In the new study, the 42 participants were randomly assigned to one of three groups, which took 400 milligrams of CBD once daily, 800 mg of CBD once daily, or a placebo once daily, for three consecutive days. (Participants in the CBD groups received Epidiolex, the FDA-approved prescription drug.) The study was "double blind," meaning that neither the researchers nor the subjects knew whether they had received CBD or a placebo.
After participants took their dose of CBD or placebo, they were exposed to heroin-related "cues;" and later watched a "neutral" video showing relaxing scenarios, such as scenes of nature.
As expected, participants reported higher cravings after viewing the heroin-related cues compared with the neutral videos. But if participants received CBD before their session, their cravings were significantly reduced compared with those who received a placebo, the study found.
The researchers also saw reductions in anxiety, as well as physiological measures, including heart rate and levels of the "stress hormone" cortisol, in the CBD group compared with the placebo group.
The effects were seen as soon as 1 hour after the CBD dose, and up to one week later. The latter finding suggests that CBD may still have an anti-craving effect when little to no trace of the substance remain in people's systems, the authors said.
Dr. Harshal Kirane, director of Addiction Services at Northwell Health's Staten Island University Hospital, called the work "a step in a very encouraging direction," and applauded the effort to scientifically evaluate the effects of CBD.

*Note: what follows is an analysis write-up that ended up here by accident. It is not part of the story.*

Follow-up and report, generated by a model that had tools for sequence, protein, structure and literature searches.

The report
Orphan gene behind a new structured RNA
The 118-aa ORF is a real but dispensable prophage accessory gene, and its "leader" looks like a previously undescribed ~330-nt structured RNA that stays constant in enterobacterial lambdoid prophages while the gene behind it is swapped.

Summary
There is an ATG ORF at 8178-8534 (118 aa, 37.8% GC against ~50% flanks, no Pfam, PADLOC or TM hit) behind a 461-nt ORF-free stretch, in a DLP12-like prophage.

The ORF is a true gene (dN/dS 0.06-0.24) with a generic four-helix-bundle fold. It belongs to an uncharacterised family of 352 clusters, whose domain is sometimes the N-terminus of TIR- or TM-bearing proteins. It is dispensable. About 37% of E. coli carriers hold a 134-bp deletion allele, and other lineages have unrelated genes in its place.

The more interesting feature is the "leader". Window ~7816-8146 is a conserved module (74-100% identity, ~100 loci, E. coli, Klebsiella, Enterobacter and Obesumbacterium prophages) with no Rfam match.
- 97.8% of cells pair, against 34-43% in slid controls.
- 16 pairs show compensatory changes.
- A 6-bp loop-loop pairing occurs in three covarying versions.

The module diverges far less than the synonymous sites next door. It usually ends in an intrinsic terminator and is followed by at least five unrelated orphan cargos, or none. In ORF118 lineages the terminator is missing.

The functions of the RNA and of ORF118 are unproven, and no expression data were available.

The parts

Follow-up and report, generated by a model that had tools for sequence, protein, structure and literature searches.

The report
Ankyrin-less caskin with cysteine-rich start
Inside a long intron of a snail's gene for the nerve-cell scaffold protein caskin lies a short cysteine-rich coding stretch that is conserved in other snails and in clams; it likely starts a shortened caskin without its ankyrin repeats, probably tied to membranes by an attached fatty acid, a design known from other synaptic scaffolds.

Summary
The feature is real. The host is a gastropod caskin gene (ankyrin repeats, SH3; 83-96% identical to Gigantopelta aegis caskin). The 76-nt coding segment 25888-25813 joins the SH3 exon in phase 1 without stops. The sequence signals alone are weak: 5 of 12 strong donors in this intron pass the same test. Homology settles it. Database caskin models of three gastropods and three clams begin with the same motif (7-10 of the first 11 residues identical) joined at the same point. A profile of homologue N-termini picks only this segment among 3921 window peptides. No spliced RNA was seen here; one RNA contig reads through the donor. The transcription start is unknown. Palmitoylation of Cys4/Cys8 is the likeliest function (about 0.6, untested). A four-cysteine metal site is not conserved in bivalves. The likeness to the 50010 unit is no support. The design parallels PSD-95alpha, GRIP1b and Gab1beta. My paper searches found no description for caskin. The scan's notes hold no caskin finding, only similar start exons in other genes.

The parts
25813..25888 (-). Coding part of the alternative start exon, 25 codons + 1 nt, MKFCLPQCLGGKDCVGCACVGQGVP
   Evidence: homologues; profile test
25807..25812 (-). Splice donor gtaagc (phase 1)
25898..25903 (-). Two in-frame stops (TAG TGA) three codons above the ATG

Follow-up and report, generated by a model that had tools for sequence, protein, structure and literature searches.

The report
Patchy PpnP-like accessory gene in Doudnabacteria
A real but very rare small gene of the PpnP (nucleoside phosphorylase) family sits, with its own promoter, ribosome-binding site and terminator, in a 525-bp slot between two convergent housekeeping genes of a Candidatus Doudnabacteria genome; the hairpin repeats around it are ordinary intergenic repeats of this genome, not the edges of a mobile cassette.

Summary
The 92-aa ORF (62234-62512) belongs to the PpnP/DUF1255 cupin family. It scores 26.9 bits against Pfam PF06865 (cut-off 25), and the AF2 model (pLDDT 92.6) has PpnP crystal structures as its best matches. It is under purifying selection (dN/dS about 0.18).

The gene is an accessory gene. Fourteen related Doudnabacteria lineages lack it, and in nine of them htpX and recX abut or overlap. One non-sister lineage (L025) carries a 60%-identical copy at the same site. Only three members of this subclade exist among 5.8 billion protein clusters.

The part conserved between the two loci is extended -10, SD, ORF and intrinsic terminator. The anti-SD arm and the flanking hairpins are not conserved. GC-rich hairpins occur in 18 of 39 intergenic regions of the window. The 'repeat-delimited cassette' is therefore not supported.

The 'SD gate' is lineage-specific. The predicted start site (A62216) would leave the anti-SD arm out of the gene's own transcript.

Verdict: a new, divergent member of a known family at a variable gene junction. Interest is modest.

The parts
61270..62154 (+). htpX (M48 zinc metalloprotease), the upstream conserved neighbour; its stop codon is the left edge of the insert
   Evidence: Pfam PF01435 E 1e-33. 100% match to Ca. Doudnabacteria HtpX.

However, Kirane said the study had some important limitations. Since it was a small study, the results need to be replicated in a larger group of people, he said.
And although the study found that CBD reduced cravings in the laboratory, it did not reduce self-reported cravings outside of the laboratory as measured by a take-home questionnaire.
"That raises some concerns as to what the actual real-world application of CBD could be" for these patients, Kirane told Live Science. Studies also need to evaluate the long-term effects of CBD for these patients, beyond one week, he said.
Future research should examine whether CBD may work as a supplement to current therapies for opioid use disorder to enhance their effects, Kirane said. Indeed, Hurd told Live Science that one of the next steps of the research is to study CBD as an adjunct therapy to current medications, such as methadone or buprenorphine.
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Originally published on Live Science.
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Rachael is a Live Science contributor, and was a former channel editor and senior writer for Live Science between 2010 and 2022. She has a master's degree in journalism from New York University's Science, Health and Environmental Reporting Program. She also holds a B.S. in molecular biology and an M.S. in biology from the University of California, San Diego. Her work has appeared in Scienceline, The Washington Post and Scientific American.